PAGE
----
Figures of Attendance, Part III—the Genius Can’t Conjure Fans to Come to the Park

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When discussing attendance and its connectivity or lack of connectivity to publicity and results, how can we ignore the Athletics? They’re still pining for a new park in San Jose with the Giants an example of how a new, fan friendly park can help attendance. Would a new ballpark in Oakland help the A’s replicate what the Giants have done? No. The A’s have rarely drawn fans when they were on top of the world and not; when they were the subject of creative non-fiction like Moneyball to turn their GM Billy Beane into a deity or when they were awful for years and living off their GM’s reputation of being “smarter than the average bear”. A new ballpark in Oakland isn’t going to fix that. It’s a football town and the current population doesn’t have the money to pay for the seats no matter how reasonably priced some of them are. The A’s of the late-1980s were an anomaly because they were the highest-paid team in baseball despite not having the resources to be that if the owner ran the club as a business. The Haas family saw the team as a local and public trust; they were willing to take a loss financially to win on the field and they did. When the landscape changed, so did the attendance and payroll. When the Beane-A’s were in their heyday and winning 100 games in 2003, they still wound up 8th in attendance. The 2012 A’s have a good, young team and are 12th in the AL in attendance. That won’t change unless they get the new park in San Jose, something the Giants are understandably resisting.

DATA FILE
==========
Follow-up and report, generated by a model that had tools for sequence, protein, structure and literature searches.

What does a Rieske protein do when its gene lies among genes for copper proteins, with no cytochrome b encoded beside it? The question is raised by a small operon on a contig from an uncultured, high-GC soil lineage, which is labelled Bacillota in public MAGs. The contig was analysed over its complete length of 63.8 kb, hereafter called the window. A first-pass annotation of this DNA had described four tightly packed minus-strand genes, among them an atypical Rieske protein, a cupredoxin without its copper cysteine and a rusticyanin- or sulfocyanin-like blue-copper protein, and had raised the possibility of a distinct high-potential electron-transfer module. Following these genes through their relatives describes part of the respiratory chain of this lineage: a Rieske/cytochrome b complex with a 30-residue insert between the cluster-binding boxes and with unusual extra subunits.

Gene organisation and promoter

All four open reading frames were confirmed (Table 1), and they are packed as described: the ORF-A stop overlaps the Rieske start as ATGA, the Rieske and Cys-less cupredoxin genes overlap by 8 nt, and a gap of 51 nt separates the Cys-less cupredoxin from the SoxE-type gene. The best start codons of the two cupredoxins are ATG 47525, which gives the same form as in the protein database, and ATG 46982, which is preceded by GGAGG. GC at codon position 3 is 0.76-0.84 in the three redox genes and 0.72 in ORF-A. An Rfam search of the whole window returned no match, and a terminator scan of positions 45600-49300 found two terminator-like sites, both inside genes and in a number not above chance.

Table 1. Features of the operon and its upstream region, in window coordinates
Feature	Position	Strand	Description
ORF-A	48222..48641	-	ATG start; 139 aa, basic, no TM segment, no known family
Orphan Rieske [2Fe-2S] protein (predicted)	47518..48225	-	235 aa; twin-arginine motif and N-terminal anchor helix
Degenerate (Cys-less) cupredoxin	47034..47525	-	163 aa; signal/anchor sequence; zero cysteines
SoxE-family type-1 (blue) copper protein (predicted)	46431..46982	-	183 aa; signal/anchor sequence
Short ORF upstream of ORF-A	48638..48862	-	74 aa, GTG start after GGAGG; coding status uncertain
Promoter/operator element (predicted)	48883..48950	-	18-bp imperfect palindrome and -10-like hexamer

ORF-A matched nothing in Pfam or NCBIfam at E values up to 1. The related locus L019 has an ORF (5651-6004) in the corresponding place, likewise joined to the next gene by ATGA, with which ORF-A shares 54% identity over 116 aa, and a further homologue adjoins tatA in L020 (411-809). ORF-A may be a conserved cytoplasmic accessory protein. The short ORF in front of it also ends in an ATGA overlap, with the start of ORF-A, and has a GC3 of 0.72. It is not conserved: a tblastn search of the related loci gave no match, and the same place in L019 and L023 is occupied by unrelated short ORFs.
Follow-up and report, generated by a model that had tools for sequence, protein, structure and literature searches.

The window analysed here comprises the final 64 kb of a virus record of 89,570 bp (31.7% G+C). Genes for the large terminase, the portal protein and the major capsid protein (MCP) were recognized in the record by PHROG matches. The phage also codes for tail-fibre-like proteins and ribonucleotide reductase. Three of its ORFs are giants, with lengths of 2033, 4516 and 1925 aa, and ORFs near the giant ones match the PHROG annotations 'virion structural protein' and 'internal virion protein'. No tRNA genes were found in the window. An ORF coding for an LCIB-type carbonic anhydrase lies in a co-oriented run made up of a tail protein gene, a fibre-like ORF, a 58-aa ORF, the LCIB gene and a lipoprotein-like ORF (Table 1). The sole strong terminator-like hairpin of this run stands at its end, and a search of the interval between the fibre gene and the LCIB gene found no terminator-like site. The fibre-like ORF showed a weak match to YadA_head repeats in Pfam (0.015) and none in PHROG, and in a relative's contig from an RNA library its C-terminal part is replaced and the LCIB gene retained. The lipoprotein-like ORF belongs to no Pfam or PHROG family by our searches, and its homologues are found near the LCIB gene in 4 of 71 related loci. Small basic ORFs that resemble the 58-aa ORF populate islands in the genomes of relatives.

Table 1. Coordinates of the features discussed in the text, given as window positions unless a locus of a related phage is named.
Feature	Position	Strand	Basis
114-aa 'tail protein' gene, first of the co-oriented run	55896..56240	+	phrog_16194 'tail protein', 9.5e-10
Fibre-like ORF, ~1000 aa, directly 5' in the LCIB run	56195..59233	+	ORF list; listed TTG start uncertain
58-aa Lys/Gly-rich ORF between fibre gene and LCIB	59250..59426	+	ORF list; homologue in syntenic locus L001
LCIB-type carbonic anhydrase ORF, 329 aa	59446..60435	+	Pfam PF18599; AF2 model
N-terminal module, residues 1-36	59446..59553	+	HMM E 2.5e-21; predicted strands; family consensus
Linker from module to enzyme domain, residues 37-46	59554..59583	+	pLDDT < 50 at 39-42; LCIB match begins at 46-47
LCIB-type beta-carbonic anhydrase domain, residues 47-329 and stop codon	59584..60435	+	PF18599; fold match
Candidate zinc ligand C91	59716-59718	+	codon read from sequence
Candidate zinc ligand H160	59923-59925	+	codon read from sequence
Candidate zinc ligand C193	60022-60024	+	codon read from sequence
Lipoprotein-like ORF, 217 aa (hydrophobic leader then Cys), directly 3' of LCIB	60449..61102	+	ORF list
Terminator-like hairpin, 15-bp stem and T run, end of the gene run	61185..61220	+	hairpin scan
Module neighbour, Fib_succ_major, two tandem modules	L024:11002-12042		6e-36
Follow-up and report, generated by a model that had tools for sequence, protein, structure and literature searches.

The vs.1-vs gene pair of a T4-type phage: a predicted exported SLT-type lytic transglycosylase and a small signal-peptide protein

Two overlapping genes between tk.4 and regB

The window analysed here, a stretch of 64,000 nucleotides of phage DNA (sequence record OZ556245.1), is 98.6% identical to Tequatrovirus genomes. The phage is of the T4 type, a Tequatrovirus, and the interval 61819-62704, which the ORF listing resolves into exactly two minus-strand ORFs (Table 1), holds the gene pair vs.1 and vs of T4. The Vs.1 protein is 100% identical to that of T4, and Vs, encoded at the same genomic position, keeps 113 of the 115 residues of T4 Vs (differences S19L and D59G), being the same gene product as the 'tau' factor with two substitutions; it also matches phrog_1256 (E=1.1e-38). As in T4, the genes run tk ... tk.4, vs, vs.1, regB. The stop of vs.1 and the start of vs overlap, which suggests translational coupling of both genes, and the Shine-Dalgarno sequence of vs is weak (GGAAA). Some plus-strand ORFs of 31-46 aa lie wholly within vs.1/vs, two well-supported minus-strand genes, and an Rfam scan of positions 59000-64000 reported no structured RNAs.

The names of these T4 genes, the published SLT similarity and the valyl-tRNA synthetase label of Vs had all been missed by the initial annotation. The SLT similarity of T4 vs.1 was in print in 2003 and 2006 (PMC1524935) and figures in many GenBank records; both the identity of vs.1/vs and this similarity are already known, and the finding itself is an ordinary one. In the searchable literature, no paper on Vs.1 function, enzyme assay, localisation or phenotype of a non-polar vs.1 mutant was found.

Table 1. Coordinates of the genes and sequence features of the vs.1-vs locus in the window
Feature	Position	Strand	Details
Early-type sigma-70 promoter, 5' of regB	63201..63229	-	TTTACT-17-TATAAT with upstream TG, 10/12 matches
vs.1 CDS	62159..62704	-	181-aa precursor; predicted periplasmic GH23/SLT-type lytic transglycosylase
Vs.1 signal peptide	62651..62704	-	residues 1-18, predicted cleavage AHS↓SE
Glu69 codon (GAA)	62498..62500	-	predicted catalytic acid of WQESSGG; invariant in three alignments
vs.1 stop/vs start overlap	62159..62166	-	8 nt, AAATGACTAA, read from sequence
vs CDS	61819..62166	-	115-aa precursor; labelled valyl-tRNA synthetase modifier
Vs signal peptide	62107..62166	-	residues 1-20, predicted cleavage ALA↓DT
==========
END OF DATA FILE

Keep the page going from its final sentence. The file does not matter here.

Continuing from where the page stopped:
The Giants did it right for their market. They build around Barry Bonds when he was the home run king and putting up cartoon numbers to go along with his cartoon muscles; they let it decline to 90 losses when they were making the transition from “build around Barry” to “build around pitching” and they’re drawing near the top of the NL again.

Much like the simplistic nature of the argument from stat people who suggest that every team should be run a certain way, it’s a logistical impossibility for the Yankees or Red Sox to allow their clubs to degenerate to 100+ losses and maintain fan attendance, advertising, concession sales and other ancillary moneymakers as the Rays, Astros and Athletics have. Phillies’ GM Ruben Amaro Jr. tried to maintain a winning club while preparing for the future with a deep farm system when he basically exchanged Cliff Lee for Roy Halladay and prospects in a frenzied series of deals. But it didn’t work and fan anger was palpable enough, team struggles so evident that the plan was abandoned in the middle of the 2010 season when he traded for Roy Oswalt and re-signed Lee as a free agent after the 2010 season. He signed his veteran players like Ryan Howard to ludicrous contracts; imported Jonathan Papelbon; ignored the draft and gutted the system. The team has come apart and the Phillies’ oft-mentioned sellout streak has ended.

No kidding.